Motorists affected by the Takata airbag recall are being told to ‘hang tight’ with many replacement airbags still years away from being available, leaving more than a million Australian drivers waiting in limbo.
RACV told The New Daily waiting list times for replacement airbags are “too long”, calling on the federal government to pressure car manufacturers to speed up the process.
The Takata airbag recall – the largest recall in Australia’s automotive history – affected 2.7 million motorists in Australia.
About 115,000 of these cars were fitted with “alpha” airbags – the most dangerous airbags under the recall – which have been marked as high priority, with the remaining 2.6 million cars being ranked as a lower priority.
When involved in a car collision, the airbags may explode instead of inflating, propelling shards of metal into the face of the driver at high speeds which has been shown to result in severe injuries, even death.
Car dealers are informing customers that they are unable to replace faulty airbags until parts become available, which could be anywhere from next month to December 2020.
Motorists are being told that there is nothing that they can do in the interim but wait to be contacted by their car dealer.
The ACCC said consumers have the right to request a loan car or alternative transport arrangements if they need to leave their car with the supplier for more than 24 hours to have the airbag replaced, and can request a tow if their car has an alpha airbag and they don’t want to risk driving it to the dealership.
A 60 Minutes investigation this week revealed that whistleblowers alerted Takata Corporation to the product’s potential danger “decades” ago.
Due to this delayed action, the sudden surge in demand for replacement airbags and the global scale of the scandal, the recall has been staggered to allow time for parts to become available.
So far, a total of 1.3 million cars have had airbags replaced in Australia.
In the meantime, 19,500 cars with potentially “deadly”, high-risk alpha airbags remain on Australian roads. The ACCC’s official advice is to not drive vehicles with alpha airbags. (Consumers can check if their car is impacted here).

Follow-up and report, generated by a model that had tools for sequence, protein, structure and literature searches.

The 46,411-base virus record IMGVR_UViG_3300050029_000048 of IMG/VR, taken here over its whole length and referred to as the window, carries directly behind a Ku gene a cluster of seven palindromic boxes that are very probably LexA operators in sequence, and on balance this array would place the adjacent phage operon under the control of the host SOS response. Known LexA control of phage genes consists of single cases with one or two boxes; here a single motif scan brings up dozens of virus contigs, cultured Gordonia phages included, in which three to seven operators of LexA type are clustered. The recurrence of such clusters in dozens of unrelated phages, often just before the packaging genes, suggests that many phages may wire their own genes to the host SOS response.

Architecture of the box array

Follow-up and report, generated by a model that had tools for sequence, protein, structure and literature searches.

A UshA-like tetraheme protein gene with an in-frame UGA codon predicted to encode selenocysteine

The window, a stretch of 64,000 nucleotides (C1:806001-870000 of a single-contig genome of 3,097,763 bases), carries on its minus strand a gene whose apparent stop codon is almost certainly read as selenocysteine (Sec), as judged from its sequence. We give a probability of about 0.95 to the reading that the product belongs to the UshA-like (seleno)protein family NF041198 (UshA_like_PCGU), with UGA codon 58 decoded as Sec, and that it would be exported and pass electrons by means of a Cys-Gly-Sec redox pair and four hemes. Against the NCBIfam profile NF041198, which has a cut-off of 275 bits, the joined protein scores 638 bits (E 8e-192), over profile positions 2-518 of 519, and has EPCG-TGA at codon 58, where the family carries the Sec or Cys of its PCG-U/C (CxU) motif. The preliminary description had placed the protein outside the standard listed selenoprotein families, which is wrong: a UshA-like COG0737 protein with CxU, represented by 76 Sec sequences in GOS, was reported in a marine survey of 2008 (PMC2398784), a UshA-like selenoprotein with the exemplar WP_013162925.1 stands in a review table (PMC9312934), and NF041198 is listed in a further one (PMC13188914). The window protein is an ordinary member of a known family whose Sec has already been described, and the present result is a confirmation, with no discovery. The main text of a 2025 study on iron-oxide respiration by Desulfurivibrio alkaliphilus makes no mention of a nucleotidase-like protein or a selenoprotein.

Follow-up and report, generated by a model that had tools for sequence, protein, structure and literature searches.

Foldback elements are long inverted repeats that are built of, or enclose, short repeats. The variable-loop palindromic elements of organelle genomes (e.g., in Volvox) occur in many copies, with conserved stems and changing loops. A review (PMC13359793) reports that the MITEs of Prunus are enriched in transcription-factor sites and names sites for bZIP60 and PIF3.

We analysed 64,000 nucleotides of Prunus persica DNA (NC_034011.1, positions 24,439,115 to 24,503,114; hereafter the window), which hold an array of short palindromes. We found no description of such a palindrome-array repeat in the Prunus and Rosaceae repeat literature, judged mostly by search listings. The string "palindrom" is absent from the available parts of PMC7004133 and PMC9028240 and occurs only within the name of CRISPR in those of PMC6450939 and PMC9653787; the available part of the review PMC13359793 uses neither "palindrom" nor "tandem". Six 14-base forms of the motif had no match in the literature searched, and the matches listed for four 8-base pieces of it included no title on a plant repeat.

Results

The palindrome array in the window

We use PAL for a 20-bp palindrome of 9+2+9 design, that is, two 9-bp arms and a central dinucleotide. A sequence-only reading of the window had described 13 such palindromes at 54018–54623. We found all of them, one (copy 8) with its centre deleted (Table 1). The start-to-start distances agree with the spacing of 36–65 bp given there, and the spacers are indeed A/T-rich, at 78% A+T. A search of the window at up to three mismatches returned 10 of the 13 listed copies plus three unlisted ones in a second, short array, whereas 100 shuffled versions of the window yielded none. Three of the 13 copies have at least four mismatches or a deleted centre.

There have not been the same warnings issued for cars with non-alpha airbags which The New Daily‘s analysis of ACCC data found to affect about 1.58 million cars yet to receive replacement airbags.
Instead, car manufacturers have reassured motorists that these cars are safe to drive until replacement parts become available, with the risk increasing once the vehicle is more than six years old. One car dealer downplayed the recall to a customer, claiming the recall was only “precautionary”.
However, when The New Daily contacted all affected car manufacturers, none was willing to go on the record to irrefutably guarantee the safety of the non-alpha airbags.
Hardly reassuring for the one million Australians with these airbags fitted to their vehicles.
Honda, Toyota, Subaru and Lexus drivers have the longest wait, according to the staggered recall, with parts expected to be available by December 2019 to January 2020.
But technically, any affected consumers could be waiting as long as December 31, 2020, when Takata will wind down production for replacement airbags.
Only after this point can the ACCC impose penalties on manufacturers who have failed to comply with the recall.
In Australia, Toyota and Lexus told The New Daily they have replaced airbags in 86 per cent of their affected cars, with Subaru, Audi and GM Holden having replaced 80 per cent, 37 per cent and 10 per cent respectively.
“The vast majority of Takata airbags currently in cars don’t present a significant risk,” she said.
“However, there are still around 12,000 airbags known as ‘alpha’ airbags, which are a higher-risk subset of the Takata airbags being recalled and require immediate replacement.
“The higher risk ‘alpha’ airbags were installed in certain Honda, Toyota, Nissan, BMW, Mazda and Lexus cars, with models sold between 2001 and 2004.
“These cars should not be driven at all until their airbag has been replaced … consumers should contact their car’s manufacturer immediately.”